In Idaho, a revocation of power of attorney allows you to revoke previously the authority granted in a power of attorney that has already gone into effect. For a revocation to be useful, all the relevant parties must be informed of it, or have a replica of the revocation, otherwise, they’ll continue to honor the initial POA.
1. Download the POA Revocation Document:
Gain access to the power of attorney revocation from this page by clicking the download button and choosing a Word or PDF file.
You can also use our document creator to make a unique power of attorney that’s tailored to your needs. Click the generate button on this page and follow the prompts on the screen. It only takes a few minutes to finish.
2. Choose the Type of Principal Power to be Revoked:
At the top of the document, you’ll be asked to fill in choose or fill in information about the type of power of attorney that you wish to revoke. There are multiple prepared options such as motor vehicle power of attorney and durable power of attorney. Initial next to the option that’s relevant to you.
If you don’t see an option that’s in line with the power of attorney you’re revoking then place your initials next to the ‘other’ option and write out the kind of power of attorney you wish to revoke.
3. Provide accurate details in the Revocation statement:
One of the most important parts of this document is the area where you’ll input the information related to who’s revoking the power of attorney and which power of attorney is being revoked.
Write the full legal name and full residential address of the principal that issued the initial power of attorney. The full legal address should include the county and state.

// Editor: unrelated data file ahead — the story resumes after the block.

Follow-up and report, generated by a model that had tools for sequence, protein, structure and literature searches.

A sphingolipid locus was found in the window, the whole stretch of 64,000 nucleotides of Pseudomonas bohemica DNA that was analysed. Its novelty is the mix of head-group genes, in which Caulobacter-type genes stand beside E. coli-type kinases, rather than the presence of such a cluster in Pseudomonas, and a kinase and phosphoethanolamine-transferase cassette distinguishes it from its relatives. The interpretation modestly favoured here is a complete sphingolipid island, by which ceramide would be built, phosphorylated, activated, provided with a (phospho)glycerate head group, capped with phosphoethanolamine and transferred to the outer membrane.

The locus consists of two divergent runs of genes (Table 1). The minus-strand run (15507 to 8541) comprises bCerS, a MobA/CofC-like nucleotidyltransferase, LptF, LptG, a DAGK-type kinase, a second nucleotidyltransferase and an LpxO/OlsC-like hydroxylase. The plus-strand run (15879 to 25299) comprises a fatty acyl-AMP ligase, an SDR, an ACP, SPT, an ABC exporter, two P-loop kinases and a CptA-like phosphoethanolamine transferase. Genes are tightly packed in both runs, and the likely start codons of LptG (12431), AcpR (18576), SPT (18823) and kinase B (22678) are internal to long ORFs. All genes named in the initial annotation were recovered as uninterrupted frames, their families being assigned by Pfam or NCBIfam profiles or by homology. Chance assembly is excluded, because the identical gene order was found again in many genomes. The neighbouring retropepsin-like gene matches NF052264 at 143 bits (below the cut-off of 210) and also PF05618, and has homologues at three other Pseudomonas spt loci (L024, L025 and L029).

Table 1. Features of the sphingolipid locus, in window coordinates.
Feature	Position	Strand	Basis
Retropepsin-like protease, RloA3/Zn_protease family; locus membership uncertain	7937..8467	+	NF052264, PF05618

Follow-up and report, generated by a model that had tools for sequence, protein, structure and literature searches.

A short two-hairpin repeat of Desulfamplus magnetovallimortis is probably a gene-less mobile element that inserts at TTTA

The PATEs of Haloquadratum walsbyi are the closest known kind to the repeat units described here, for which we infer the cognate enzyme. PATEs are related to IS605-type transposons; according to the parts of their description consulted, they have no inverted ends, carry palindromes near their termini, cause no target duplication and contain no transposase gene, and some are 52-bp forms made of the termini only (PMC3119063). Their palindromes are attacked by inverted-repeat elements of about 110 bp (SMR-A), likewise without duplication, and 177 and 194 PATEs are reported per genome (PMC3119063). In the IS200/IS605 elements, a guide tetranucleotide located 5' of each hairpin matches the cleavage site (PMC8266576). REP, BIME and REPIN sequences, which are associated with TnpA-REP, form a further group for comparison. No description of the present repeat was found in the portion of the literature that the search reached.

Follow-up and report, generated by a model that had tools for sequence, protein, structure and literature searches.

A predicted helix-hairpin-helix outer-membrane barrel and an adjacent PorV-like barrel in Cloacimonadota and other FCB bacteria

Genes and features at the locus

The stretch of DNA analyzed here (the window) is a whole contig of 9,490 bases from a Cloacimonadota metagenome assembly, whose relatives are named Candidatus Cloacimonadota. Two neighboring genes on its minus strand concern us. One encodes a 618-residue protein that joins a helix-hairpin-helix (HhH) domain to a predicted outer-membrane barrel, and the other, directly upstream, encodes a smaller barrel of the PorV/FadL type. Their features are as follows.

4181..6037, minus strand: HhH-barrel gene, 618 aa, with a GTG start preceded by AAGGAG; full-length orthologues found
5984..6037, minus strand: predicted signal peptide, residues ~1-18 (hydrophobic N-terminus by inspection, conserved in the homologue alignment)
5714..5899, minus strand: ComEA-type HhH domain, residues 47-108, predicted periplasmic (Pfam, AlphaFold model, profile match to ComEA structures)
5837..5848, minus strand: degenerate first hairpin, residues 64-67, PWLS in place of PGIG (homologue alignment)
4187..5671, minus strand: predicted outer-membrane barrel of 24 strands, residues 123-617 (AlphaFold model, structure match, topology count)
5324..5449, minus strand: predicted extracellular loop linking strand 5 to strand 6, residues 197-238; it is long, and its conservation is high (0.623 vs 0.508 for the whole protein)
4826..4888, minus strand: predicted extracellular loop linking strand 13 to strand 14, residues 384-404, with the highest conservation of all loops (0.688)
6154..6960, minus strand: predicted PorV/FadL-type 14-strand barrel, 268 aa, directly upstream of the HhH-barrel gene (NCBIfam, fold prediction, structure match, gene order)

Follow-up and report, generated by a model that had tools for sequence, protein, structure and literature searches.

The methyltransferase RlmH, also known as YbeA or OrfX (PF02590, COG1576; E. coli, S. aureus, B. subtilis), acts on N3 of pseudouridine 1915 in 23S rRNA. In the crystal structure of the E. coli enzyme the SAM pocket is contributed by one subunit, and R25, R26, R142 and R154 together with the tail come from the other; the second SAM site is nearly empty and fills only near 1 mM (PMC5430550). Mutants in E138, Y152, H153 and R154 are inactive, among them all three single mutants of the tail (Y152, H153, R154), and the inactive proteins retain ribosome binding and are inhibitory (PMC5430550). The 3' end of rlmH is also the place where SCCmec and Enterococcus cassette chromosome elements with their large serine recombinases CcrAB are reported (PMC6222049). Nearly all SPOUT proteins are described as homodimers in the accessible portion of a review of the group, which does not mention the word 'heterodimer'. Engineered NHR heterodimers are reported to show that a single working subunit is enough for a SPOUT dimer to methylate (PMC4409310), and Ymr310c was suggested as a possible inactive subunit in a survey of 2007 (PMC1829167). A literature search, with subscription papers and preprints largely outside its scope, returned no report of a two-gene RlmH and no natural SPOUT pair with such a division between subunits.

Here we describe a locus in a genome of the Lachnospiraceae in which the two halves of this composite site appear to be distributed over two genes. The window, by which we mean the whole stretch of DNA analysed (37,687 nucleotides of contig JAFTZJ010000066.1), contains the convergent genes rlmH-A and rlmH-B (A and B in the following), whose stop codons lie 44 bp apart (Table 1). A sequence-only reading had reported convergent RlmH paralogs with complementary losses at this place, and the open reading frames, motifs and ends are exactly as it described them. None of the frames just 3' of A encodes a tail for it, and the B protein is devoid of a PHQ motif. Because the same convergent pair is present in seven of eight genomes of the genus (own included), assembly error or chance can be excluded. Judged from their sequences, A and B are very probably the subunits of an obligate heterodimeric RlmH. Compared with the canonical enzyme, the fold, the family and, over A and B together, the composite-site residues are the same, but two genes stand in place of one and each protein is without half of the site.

Next, write in the title of the power of attorney that will be revoked and the date it was executed. The execution date is the day the original power of attorney was signed - not the day the powers came into effect.
The final pieces of information include the full name and residential address of the primary agent and successor agent (if the successor agent was used in the original POA).
Keep in mind that if any of the information is entered incorrectly, the people you submit a copy to may demand additional confirmation or reject the revocation outright. That’s why it's so important to get this part correct.
4. Signing of Termination by the Principal Signature:
The final step is to get the principal, the witnesses, and the notary public to add their signatures to the document.
The principal will sign first in the presence of the witnesses. The witnesses will then sign and acknowledge that, to their knowledge, the principal is of sound mind and not under any duress.
The final signatory - the notary public - will confirm the identity of the signers, observe the signing, then also sign while including their seal on the document.
After all of these conditions have been met, the document will be considered complete and can be shared with the relevant parties.
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